There has been a lot of debate around decentralized exchange Uniswap and the DeFi Education Fund (DEF). This entity received $20 million or 1 million UNI, the protocol’s native governance token, to be lobby and increase the DeFi sector level of adoption. The funds are to be liquidated in 4 to 5 years.
The proposal to created DEF was introduced by the Harvard Law Blockchain and Fintech Initiative (HLSBFI), a student organization dedicated to developing this institution’s students’ knowledge on blockchain technology and the FinTech ecosystem.
About a month ago, the DEF sold 500,000 UNI ($10 million) aided by crypto exchange Genesis, via an Over the Counter (OTC) deal. After this tweet, all hell broke loose, and many went to said that the organization was “looting” Uniswap’s treasury.
With the help of @GenesisTrading, we sold 500k UNI for ~$10.2M USDC in order to fund the efforts of the Defi Education Fund.
In the next 24 hours, we will be sending 500k UNI to Genesis and receiving ~$10.2M USDC in return.
— Defi Education Fund (@fund_defi) July 12, 2021
In a Medium post, the DEF argued that regulatory Dynamic and the “state of global policy proposals”, should keep a level of flexibility and speed to spend the funds. Thus, they converted them into USDC. The money will still be used to begin their work and set up future operations, the organization said:
(…) we expect the vast majority of DEF’s expenses will be dollar-denominated, the UNI funds must be diversified into dollars. Diversifying half of the 1M total allocation provides the DEF with a sustainable budget to weather any market downturns and allows the DEF to rapidly get to work.
They claim that regulations in the U.S. and Europe are DeFi’s greatest threat. Thus, they are allegedly preparing for the possibility that regulators in these regions stripped DeFi protocols and their community from liberties to which they have “become accustomed”.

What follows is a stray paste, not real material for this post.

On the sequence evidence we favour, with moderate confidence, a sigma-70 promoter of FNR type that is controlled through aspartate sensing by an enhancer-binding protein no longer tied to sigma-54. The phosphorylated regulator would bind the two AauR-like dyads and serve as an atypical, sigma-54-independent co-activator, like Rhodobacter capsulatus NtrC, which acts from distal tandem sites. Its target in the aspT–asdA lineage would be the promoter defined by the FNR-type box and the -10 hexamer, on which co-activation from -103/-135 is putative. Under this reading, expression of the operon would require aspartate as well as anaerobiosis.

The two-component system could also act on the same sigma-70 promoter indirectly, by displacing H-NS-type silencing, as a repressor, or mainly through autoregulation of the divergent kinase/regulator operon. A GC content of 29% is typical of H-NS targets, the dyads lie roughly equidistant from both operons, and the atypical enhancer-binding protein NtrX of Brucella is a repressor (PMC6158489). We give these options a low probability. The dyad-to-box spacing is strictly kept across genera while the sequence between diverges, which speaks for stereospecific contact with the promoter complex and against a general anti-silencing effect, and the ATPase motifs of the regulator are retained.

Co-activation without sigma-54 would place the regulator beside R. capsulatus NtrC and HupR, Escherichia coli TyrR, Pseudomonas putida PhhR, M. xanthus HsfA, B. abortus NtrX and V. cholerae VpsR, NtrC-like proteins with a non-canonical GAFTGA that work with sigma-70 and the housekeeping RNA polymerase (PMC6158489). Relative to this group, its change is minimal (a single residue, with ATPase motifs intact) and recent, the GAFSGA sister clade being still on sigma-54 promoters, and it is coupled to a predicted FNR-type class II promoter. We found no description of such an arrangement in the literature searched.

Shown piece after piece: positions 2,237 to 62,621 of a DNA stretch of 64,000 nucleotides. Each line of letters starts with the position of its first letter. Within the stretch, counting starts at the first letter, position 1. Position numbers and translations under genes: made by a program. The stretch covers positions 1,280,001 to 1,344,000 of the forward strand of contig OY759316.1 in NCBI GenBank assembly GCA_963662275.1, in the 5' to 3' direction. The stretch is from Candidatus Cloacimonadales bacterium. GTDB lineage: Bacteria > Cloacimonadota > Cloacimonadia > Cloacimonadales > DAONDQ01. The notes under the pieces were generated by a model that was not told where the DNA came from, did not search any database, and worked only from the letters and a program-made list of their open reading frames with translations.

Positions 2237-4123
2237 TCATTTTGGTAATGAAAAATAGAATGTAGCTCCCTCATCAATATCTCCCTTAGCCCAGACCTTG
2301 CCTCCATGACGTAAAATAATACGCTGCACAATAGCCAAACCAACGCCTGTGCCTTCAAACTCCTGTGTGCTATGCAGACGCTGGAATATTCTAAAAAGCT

Has Uniswap And Other DeFi Protocols Governance Model Been Compromised?
Partner at Cinneamhain Ventures, Adam Cochran, summarized and expressed most of the concerns from the Uniswap and crypto community. Cochran classified the process as a “big botch” with failures in transparency and communications from the DeFi Education Fund.
In addition, he questioned the way that this entity liquidated half their funds and suggested that “DeFi savvy people” will find a better use for them. According to Cochran the $10 million are “sitting idle in a wallet” when they could lock the UNI in Compound, Aave, MakerDAO, or other DeFi protocols for a yield.
The expert added that the initial proposal should have included a vesting period for the funds. Cochran said:
Uniswap gave $20M to an unsupervised group, over which no one has any governance authority, who has already made questionable judgements, has poor defi practices, and even when called out provide unprofessional communications with weak arguments to their position.
Later, he concluded that the DEF has failed “so far” at core tasks, represent the Uniswap community, understanding DeFi, and in the proper administration of their organization. Cochran added:
This should serve as a call for all DAOs to seriously evaluate their governance models and should also raise into question the large delegations that VCs have given to student organizations.
In that sense, Cochran believes that DAO governance still has a long way to go to refine its voting and governance processes.
At the time of writing, Uniswap (UNI) trades at $18,05 with a 2.3% loss in the daily chart.